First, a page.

At each timepoint, there were approximately 140 individuals per group nationally collated by age stratum and 120 at each location. Assuming a starting seropositive proportion in the order of 20% at the end of the 2009 winter,[13] a group size of 120–140 was required to report an increase in this proportion of 20%, with 90–94% power and 95% confidence, with only 37–41% power to detect a smaller increase of 10%. Collating all specimens at each timepoint, the minimum total of 800 samples provided 99% power to detect a 10% rise in seropositives, and 62% power to demonstrate a 5% rise, with 95% confidence.


Study population

The number of samples collected from each study site at each timepoint is shown in Figure 2. A detailed age breakdown of participants by time and location of collection is provided in Table S1. In some instances, background reactivity could not be ameliorated by RBC adsorption, accounting for missing data on some participants when comparing these numbers with reported assay results in Table 1 and Table S2.

Table 1. Seropositive proportion by age group, before and after first and second pandemic waves
Age group (years)Number of seropositive samples/total samples per group [Proportion (95% CI)]
Pre-first wave April/May 2009Post-first wave November 2009Pre-second wave March/April 2010Post-second wave November 2010
  1. a

    Significant change from previous timepoint, P ≤ 0·05.

  2. b

    Significant change from previous timepoint, P < 0·005.



0·19 (0·11, 0·30)


0·40 (0·29, 0·46)b


0·49 (0·42, 0·56) a


0·51 (0·42, 0·59)



0·07 (0·02, 0·16)


0·22 (0·16, 0·30)b


0·41 (0·33, 0·50)b


0·38 (0·30, 0·46)



0·13 (0·06, 0·23)


0·15 (0·09, 0·23)


0·32 (0·25, 0·41) a


0·44 (0·35, 0·52) a



0·09 (0·05, 0·16)


0·16 (0·10, 0·23)


0·32 (0·25, 0·41)b


0·37 (0·29, 0·46)



0·12 (0·07, 0·20)


0·20 (0·13, 0·28)


0·45 (0·37, 0·54)b


0·41 (0·33, 0·50)



0·19 (0·06, 0·38)


0·25 (0·17, 0·34)


0·53 (0·45, 0·60) b


0·40 (0·32, 0·49) a



0·12 (0·09, 0·15)


0·22 (0·20, 0·26) b


0·43 (0·40, 0·46) b


0·42 (0·38, 0·45)

Assay results

As previously demonstrated,[13] adults ≥65 years of age had the highest levels of baseline cross-reactive antibody to A(H1N1)pdm09 prior to the first pandemic wave, with no detectable change over the 2009 influenza season. Significant increases in the proportion seropositive over the 2009 winter were noted in adults aged 16–24 and 25–34 years (Table 1, Figure 3).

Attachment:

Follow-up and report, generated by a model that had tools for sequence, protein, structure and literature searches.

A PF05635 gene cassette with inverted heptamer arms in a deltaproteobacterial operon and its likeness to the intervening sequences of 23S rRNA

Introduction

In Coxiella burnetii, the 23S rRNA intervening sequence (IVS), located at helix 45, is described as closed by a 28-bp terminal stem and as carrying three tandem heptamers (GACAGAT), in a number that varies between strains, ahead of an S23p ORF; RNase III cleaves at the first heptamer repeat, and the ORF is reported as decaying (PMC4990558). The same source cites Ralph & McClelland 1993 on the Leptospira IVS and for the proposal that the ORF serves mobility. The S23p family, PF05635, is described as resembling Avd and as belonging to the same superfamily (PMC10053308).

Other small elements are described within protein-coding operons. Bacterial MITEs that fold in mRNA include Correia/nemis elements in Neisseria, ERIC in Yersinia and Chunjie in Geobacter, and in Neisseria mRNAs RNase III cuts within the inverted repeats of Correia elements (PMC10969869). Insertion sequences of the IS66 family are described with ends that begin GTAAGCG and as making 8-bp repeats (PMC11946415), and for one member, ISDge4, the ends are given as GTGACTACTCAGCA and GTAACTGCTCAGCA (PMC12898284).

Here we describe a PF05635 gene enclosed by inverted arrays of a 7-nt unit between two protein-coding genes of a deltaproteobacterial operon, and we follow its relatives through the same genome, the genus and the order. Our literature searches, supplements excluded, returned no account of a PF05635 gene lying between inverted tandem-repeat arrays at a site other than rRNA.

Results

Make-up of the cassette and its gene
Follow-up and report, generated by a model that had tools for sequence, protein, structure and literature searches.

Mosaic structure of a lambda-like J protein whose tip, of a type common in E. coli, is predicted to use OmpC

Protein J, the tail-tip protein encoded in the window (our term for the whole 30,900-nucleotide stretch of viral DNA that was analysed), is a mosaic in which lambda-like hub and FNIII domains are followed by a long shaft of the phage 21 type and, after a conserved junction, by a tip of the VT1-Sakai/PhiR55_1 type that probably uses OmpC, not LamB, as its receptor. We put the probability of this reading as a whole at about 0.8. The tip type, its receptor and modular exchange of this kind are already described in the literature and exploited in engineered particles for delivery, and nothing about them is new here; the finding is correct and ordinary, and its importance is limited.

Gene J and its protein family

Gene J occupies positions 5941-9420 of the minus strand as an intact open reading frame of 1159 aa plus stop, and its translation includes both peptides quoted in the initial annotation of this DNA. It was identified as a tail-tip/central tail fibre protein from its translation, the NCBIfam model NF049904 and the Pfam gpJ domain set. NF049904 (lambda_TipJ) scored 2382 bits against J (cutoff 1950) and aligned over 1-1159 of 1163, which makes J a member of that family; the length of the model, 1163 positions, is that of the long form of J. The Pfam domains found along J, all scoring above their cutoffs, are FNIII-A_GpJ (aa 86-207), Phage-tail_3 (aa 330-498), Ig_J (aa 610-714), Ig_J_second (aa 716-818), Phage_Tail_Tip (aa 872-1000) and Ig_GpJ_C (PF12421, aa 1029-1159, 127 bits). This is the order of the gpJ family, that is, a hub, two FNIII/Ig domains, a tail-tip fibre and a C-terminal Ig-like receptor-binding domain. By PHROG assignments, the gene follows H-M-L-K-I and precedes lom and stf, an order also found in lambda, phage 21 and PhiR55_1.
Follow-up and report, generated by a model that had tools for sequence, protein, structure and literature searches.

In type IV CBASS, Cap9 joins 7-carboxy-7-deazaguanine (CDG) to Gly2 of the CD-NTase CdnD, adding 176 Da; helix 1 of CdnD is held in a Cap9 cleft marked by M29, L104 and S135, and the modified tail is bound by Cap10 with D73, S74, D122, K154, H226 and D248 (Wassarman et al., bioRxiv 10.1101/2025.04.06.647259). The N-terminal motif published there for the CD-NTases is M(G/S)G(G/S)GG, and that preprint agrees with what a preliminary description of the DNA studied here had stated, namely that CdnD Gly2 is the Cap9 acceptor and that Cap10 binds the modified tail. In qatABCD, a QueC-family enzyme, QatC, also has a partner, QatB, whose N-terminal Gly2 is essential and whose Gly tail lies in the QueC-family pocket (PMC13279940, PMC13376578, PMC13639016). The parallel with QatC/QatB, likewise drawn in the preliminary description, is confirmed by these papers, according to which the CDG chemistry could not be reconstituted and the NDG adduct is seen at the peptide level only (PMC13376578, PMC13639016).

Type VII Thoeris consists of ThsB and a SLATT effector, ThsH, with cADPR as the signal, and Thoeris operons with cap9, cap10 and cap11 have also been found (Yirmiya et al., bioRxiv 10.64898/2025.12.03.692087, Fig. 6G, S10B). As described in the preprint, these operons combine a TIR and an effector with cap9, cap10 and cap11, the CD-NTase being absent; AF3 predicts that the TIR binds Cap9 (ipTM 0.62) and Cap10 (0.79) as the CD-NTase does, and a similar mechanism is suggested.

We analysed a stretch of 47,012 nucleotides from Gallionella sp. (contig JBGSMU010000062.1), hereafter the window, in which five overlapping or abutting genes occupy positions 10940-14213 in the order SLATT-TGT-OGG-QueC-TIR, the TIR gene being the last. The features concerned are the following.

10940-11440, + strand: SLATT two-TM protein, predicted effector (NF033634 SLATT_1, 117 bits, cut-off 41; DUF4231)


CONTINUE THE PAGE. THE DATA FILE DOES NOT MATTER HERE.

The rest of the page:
Figure 3.

Reverse cumulative distribution plots of haemagglutination inhibition (HI) titres for two age groups (16–24 years and >65 years) across the four sampling timepoints. Cumulative proportion of specimens at each timepoint with titres at or below (on the premise that 20 < 40 and so on) a given dilution threshold, for participants aged (A) 16–24 years and (B) ≥65 years.

Between the 2009 and 2010 influenza seasons, the proportion seropositive nationally rose by 21% from 22% to 43%, increasing significantly across all age groups (Table 1). Only adults aged 35–44 years exhibited a further (12%) rise in seropositivity during the 2010 winter, whereas a significant (13%) decline was observed among ≥65-year-olds over the same period (Table 1, Figure 3).

The proportion of donors seropositive was similar across all jurisdictions at the end of the first wave, and titres rose further over the 2009/10 (summer) interepidemic period, to varying degrees (Figure 4, Table S2). Notably, Brisbane was the only site to record a significant rise in seroprevalence over the following winter – from a pre-season baseline of 35% to 53% by November 2010 (Figure 4, Table S2). The seropositive proportion at all other sites was at least 40% prior to the 2010 influenza season and had not changed following the period of documented virus circulation.

Figure 4.

Seropositive proportion over time by city, with 95% binomial confidence intervals. Significant changes in proportion from the previous timepoint are denoted *P < 0·05; §P < 0·005 (see also Table S2). The dotted line indicates the 40% seropositive proportion, achieved by all cities but Brisbane prior to the 2010 winter. Note: pre-pandemic specimens were only available from the Townsville collection centre.


We observed a significant (21%) increase in the proportion of the Australian population seropositive to A(H1N1)pdm09 over the 2009/10 Southern Hemisphere summer, distributed across all age groups and jurisdictions (Table 1, Figure 4). This rise was temporally associated with a widely accessible government-funded monovalent pandemic vaccine programme. A telephone survey conducted by the Australian Institute of Health and Welfare between 11 January and 28 February 2010 reported adult (>18 years) pandemic vaccine uptake of 21%.[17] This figure showed some non-significant variation with survey week, suggesting that the majority of vaccine had been received by early January 2010, and the only state to vary significantly from the national estimate was Tasmania (23·5%).[17] Coverage increased by age, from those aged <20 years (<10%), through 20–54 years (13–16%) and 55–64 years (24%), to a maximum of 45% among those 65 years and above.[17]